Lawmakers hoping to approve a must-pass spending bill
House Republicans early Thursday unveiled a new, stripped-down spending bill to prevent a government shutdown this weekend and allow quarreling lawmakers to punt most of their unfinished business into the new year.
The bill would stave off a government shutdown through Jan. 19 and permit lawmakers to head home for the holidays. It would delay battles over the budget and immigration into January, denying Democrats wins that they had hoped to score this year.
Failure to pass the measure would trigger a government shutdown at midnight Friday, which would amount to a political pratfall just after the GOP scored a major win on a landmark tax bill. With Republicans controlling Washington, they would not have anyone else to blame for a shutdown debacle.
White House counselor Kellyanne Conway said Thursday the "White House is committed to keeping the government open." She added in an appearance on Fox News Channel's "Fox & Friends" that "it would be a shame if the Democrats force a shutdown of the government in the 11th hour of trying to negotiate something."
Despite the perilous situation, GOP leaders are scrambling to rally some frustrated Republicans behind the measure, particularly defense hawks who had hoped to enact record budget increases for the Pentagon this year. The measure does contain about $5 billion dollars for missile defense upgrades to respond to the threat from North Korea and to repair two destroyers damaged in accidents this year in the Pacific.
A vote is likely Thursday and Senate passage is expected to quickly follow.
The House may also vote on an $81 billion disaster aid package that's a priority of the Texas and Florida delegations, but its fate is uncertain. The Senate would likely add to the measure and pass it next year. Republicans may unveil changes to the measure Thursday morning.
It also would temporarily extend an expiring overseas wiretapping program aimed at tracking terrorists. It has bipartisan backing, but stout conservatives and some liberals oppose it.
Thursday's version is the third rewrite this week as GOP leaders have struggled to come up with a plan that would unite Republicans. Democratic leaders aren't providing votes to pass the measure, saying Republicans are ignoring promises to protect so-called Dreamer immigrants brought to the country illegally as children. That issue, along with a hoped-for budget deal to undo a spending freeze on both the Pentagon and domestic agencies, would be put off until January.
An earlier plan favored by pro-Pentagon members of the influential Armed Services Committee would have combined the stopgap funding bill, called a continuing resolution, with a $658 billion Pentagon funding measure. But the idea is a nonstarter with the Senate, especially powerful Minority Leader Chuck Schumer, D-N.Y.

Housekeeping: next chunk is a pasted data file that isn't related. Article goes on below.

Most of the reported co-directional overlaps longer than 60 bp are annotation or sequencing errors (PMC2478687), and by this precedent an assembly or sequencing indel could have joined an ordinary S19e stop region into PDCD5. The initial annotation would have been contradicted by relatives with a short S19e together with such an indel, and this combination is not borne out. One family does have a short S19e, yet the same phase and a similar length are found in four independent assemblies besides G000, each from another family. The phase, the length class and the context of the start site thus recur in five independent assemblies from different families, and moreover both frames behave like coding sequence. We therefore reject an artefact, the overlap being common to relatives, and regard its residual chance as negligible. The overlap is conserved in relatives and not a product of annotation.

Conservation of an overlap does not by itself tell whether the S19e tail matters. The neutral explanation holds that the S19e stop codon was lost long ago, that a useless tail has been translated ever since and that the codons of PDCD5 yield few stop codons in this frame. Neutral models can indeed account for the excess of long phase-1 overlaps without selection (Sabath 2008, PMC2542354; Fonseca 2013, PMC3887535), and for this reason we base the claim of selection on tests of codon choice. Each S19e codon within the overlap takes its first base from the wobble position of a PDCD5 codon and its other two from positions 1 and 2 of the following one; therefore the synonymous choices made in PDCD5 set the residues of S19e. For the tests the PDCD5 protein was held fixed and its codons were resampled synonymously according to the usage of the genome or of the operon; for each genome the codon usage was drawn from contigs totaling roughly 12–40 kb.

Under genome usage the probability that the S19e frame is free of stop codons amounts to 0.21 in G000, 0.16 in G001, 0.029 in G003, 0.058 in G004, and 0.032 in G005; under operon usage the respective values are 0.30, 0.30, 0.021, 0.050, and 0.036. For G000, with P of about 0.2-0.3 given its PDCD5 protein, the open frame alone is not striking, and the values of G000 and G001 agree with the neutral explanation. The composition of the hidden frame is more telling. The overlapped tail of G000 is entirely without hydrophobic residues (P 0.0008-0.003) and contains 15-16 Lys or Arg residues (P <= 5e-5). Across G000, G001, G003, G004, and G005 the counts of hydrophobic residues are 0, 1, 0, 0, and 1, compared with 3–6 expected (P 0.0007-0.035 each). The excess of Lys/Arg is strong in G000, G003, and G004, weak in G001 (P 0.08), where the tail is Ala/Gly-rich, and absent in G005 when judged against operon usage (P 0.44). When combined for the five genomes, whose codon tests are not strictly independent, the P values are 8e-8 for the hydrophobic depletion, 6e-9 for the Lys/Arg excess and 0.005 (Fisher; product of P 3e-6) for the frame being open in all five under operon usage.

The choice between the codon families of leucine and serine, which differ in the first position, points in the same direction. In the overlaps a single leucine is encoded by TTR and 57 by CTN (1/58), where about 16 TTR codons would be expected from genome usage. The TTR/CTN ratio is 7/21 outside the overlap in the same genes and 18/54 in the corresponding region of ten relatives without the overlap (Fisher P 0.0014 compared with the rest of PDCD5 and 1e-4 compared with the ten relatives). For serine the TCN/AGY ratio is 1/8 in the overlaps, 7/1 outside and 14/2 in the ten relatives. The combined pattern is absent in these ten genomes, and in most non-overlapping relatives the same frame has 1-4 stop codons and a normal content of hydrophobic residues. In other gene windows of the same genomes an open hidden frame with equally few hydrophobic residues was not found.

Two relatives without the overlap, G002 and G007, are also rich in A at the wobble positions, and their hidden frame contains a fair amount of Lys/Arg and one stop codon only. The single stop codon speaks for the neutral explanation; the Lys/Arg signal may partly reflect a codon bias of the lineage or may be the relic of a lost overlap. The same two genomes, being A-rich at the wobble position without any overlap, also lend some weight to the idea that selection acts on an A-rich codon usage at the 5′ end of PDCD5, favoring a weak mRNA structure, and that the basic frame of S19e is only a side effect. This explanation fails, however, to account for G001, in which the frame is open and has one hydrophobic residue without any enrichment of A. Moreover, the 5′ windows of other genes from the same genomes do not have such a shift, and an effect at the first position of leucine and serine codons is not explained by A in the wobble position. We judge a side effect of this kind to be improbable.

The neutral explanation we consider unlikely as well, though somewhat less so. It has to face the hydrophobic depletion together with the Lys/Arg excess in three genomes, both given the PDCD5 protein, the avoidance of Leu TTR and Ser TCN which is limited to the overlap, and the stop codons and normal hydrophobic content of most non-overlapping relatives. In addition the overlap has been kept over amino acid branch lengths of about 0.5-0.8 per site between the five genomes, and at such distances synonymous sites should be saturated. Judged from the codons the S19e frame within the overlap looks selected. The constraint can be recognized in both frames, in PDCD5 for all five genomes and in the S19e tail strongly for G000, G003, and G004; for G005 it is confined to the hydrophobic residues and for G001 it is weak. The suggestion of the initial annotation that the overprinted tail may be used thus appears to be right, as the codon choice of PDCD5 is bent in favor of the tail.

"The number of options is collapsing down," said Rep. Frank Lucas, R-Okla. "I have faith that at the last possible moment, to paraphrase Churchill, when we have no other choice, we'll do what we need to do."
Includes a short-term, $2.1 billion fix for an expiring program that pays for veterans to seek care outside the Department of Veterans Affairs system. It also includes a short-term "patch" to make sure the states facing shortfalls from the Children's Health Insurance Program, which pays for health care for 9 million children from low-income families, won't have to purge children from the program.
Meanwhile, the $81 billion disaster aid bill faced a potential separate vote of its own, but was at risk of languishing because of opposition among some conservatives upset about its cost. Senate action on that bill wouldn't come until next year anyway.
Regardless of how the crisis of the moment will be solved, most of the many items on Capitol Hill's list of unfinished business are going to be pushed into next year.
Hopes for a bipartisan budget deal to sharply increase spending for both the Pentagon and domestic agencies appeared dead for the year and Democrats were rebuffed in their demands for protections for young immigrants brought to the U.S. illegally as children. There's significant bipartisan sympathy for these immigrants, but battles over GOP demands for President Donald Trump's border wall and additional funding for immigration agents are proving difficult to resolve.
On Wednesday, Sens. Lamar Alexander, R-Tenn., and Susan Collins, R-Maine, announced Wednesday that they would not seek to add the insurance subsidies, which are designed to stabilize the Affordable Care Act's markets. The tax bill repeals the requirement that individuals purchase insurance.
Trying to combine the health measure with the spending bill was a demand of Collins when President Donald Trump and Senate GOP leaders secured her vote for the party's tax cut measure. But House conservatives strongly opposed the move.
House Republicans weren't part of that deal, and with the tax vote over, it became plain that Senate leaders were not able to deliver for her.